Above and beyond 2014

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  • A large body of research demonstrates the tangible benefits of civic learning. First and foremost, civic learning promotes civic knowledge, skills, and dispositions—research makes clear that students who received high-quality civic learning are more likely than their counterparts to understand public issues, view political engagement as a means of addressing communal challenges, and participate in civic activities. Civic learning has similarly been shown to promote civic equality. Poor, minority, urban, or rural students who do receive high-quality civic learning perform considerably higher than their counterparts, demonstrating the possibility of civic learning to fulfill the ideal of
    civic equality.
  • Research also demonstrates noncivic benefits of civic learning. Civic learning has been shown to instill young people with the “twenty-first century competencies” that employers value in the new economy. Schools that implement high-quality civic learning are more likely to have a better school climate and are more likely to have lower dropout rates.
  • Research also demonstrates noncivic benefits of civic learning. Civic learning has been shown to instill young people with the “twenty-first century competencies” that employers value in the new economy. Schools that implement high-quality civic learning are more likely to have a better school climate and are more likely to have lower dropout rates.
  • Proven Practice #1: Provide instruction in government, history, law, and democracy. Formal instruction in U.S. government, history, and democracy increases civic knowledge. This is a valuable goal in itself and may also contribute to young people’s tendency to engage in civic and political activities over the long term. However, schools should avoid teaching only rote facts about dry procedures, which is unlikely to benefit students and may actually 6alienate them from politics.
  • Proven Practice #2: Incorporate discussion of current local, national, and international issues
    and events into the classroom, particularly those that young people view as important to their lives. When young people have opportunities to discuss current issues in a classroom setting, they tend to have greater interest in politics, improved critical thinking and communications skills, more civic knowledge, and more interest in discussing public affairs out of school. Conversations, however, should be carefully moderated so that students feel welcome to speak from a variety of perspectives. Teachers need support in broaching controversial issues in classrooms since they may risk criticism or sanctions if they do so.
  • Proven Practice #6: Encourage students ’ participation in simulations of democratic processes and procedures. Recent evidence indicates that simulations of voting, trials, legislative deliberation, and diplomacy in schools can lead to heightened political knowledge and interest.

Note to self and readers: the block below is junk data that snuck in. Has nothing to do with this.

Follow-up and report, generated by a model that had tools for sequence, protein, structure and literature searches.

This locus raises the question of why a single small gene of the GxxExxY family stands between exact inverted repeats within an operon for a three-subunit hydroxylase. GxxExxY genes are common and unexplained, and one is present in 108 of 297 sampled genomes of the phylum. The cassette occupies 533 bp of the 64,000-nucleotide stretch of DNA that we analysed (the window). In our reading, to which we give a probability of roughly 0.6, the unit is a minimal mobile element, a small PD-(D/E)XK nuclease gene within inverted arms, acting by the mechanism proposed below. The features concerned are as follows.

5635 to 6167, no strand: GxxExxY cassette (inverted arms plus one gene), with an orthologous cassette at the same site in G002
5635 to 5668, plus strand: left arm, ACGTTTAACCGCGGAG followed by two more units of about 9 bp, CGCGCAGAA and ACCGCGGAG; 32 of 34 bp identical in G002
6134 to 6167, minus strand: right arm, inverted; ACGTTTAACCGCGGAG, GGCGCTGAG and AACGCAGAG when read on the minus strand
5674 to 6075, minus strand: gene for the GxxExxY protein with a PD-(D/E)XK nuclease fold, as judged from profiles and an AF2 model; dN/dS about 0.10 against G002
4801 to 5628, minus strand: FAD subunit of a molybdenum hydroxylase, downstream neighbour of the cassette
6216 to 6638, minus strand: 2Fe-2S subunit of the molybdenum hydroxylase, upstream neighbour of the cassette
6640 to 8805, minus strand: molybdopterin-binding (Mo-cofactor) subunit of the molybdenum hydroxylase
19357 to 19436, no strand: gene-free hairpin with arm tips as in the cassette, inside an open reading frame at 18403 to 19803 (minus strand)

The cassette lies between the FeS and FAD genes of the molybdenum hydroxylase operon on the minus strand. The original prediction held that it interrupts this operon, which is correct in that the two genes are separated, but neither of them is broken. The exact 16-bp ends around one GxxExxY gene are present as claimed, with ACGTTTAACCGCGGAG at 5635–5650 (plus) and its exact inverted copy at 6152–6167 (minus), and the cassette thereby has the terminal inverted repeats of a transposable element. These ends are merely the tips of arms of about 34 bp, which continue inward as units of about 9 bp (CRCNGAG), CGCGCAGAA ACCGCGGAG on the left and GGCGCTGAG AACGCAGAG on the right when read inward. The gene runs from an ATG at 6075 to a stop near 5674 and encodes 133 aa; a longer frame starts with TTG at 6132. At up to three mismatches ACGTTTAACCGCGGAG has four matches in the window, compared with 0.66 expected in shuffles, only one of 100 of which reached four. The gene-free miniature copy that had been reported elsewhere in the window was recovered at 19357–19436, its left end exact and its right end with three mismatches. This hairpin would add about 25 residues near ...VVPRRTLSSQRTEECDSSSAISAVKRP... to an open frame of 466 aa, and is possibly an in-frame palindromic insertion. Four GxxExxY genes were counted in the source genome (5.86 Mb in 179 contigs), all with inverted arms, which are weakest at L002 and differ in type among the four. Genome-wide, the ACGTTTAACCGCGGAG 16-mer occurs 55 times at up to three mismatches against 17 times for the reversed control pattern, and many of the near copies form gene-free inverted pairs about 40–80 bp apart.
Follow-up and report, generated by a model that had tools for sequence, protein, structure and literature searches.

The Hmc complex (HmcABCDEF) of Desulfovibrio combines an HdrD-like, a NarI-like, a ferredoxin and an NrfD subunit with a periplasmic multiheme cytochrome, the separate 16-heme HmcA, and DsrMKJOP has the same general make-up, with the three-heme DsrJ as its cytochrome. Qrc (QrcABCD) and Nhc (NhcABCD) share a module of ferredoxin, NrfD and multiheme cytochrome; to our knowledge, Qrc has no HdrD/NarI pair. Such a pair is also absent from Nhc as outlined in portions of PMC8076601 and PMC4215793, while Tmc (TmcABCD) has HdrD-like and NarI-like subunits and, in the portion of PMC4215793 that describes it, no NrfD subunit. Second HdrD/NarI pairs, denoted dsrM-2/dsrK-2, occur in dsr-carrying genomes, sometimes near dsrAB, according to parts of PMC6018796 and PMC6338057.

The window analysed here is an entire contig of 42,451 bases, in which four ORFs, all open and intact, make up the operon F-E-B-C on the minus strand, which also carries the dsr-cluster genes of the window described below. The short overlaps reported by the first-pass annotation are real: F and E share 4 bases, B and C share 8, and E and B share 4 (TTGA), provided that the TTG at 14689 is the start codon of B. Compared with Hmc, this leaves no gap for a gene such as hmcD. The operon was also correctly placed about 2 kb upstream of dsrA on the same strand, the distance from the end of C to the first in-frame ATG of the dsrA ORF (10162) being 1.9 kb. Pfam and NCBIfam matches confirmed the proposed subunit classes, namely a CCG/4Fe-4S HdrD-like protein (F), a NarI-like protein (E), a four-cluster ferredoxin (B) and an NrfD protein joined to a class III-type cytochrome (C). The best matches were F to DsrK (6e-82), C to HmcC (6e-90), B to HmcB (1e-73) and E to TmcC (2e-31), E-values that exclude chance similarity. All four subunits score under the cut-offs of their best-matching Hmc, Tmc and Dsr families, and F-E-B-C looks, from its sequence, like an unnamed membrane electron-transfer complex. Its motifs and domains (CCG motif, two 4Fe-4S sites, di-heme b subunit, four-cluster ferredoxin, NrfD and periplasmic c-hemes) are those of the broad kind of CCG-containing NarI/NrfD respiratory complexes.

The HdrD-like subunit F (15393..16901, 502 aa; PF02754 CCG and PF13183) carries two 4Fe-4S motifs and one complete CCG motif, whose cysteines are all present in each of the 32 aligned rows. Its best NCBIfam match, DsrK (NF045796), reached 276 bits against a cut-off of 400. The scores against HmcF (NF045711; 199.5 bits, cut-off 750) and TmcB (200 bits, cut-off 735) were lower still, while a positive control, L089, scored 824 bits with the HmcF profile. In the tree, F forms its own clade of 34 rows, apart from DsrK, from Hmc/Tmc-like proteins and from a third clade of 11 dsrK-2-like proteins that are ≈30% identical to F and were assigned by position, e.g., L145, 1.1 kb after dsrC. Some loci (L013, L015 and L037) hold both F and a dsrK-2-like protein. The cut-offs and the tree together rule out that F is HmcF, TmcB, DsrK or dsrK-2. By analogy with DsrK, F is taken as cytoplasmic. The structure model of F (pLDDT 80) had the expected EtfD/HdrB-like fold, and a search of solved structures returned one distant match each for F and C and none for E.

• Above and beyond 2014

    1. 1. ABOVE&BEYOND (names&dates)
    2. 2. ANTHONY PENNAY DIRECTOR RACHEL GARFIELD TEACHER CONSULTANT JIM HARRIS TEACHER CONSULTANT
    3. 3. Participants will leave with: – Strategies to leverage the CCSS to promote literacy building & civic engagement with any social studies content. – Classroom ready ideas. – Great ideas from your fellow educators.
    4. 4. PROVEN PRACTICES 6
    5. 5. PROVIDEINSTRUCTION
    6. 6. DISCUSS CURRENT EVENTS
    7. 7. SIMULATEDEMOCRATIC PROCESSES
    8. 8. State ofCivicsToday
    9. 9. “The civics framework specifies that the assessment questions address the following three interrelated components: knowledge, intellectual and participatory skills, and civic dispositions. Taken together, these components should form the essential elements of civic education in the United States.” - The Nation’s Report Card: Civics 2010
    10. 10. 2 25 50 23 0 10 20 30 40 50 60 Advanced Proficient Basic Below Basic % of 4thGradeStudentsaccordingtoCivics Proficiency Advanced Proficient Basic Below Basic
    11. 11. 1 21 50 28 0 10 20 30 40 50 60 Advanced Proficient Basic Below Basic % of 8th Grade Studentsaccordingto Civics Proficiency Advanced Proficient Basic Below Basic
    12. 12. 4 20 40 36 0 5 10 15 20 25 30 35 40 45 Advanced Proficient Basic Below Basic % of 12th Grade Studentsaccordingto Civics Proficiency Advanced Proficient Basic Below Basic
    13. 13. % of Students Proficient or Above Grade Level 1998 2006 2010 4th Grade 23 24 27 8th Grade 22 22 22 12th Grade 26 27 24
    14. 14. Need statistics on Dropout v. Graduate in terms of civic engagement Corporation for National and Community Service and the National Conference on Citizenship. Civic Life in America: Key Findings on the Civic Health of the Nation, Washington, DC. 2010, September.
    15. 15. Session 1 Reading and Writing Like a Historian
    16. 16. Session 2 Close Reading
    17. 17. Session 3 Digital Literacy & The Social Studies
    18. 18. RAFT
    19. 19. RAFT ole
    20. 20. RAFTudience
    21. 21. RAFTormat
    22. 22. RAFT opic
    23. 23. RAFT WRITER’S NOTES ROLE AUDIENCE FORMAT TOPIC
    24. 24. …developing proactive informed, educated, and conscientious citizens and leaders.

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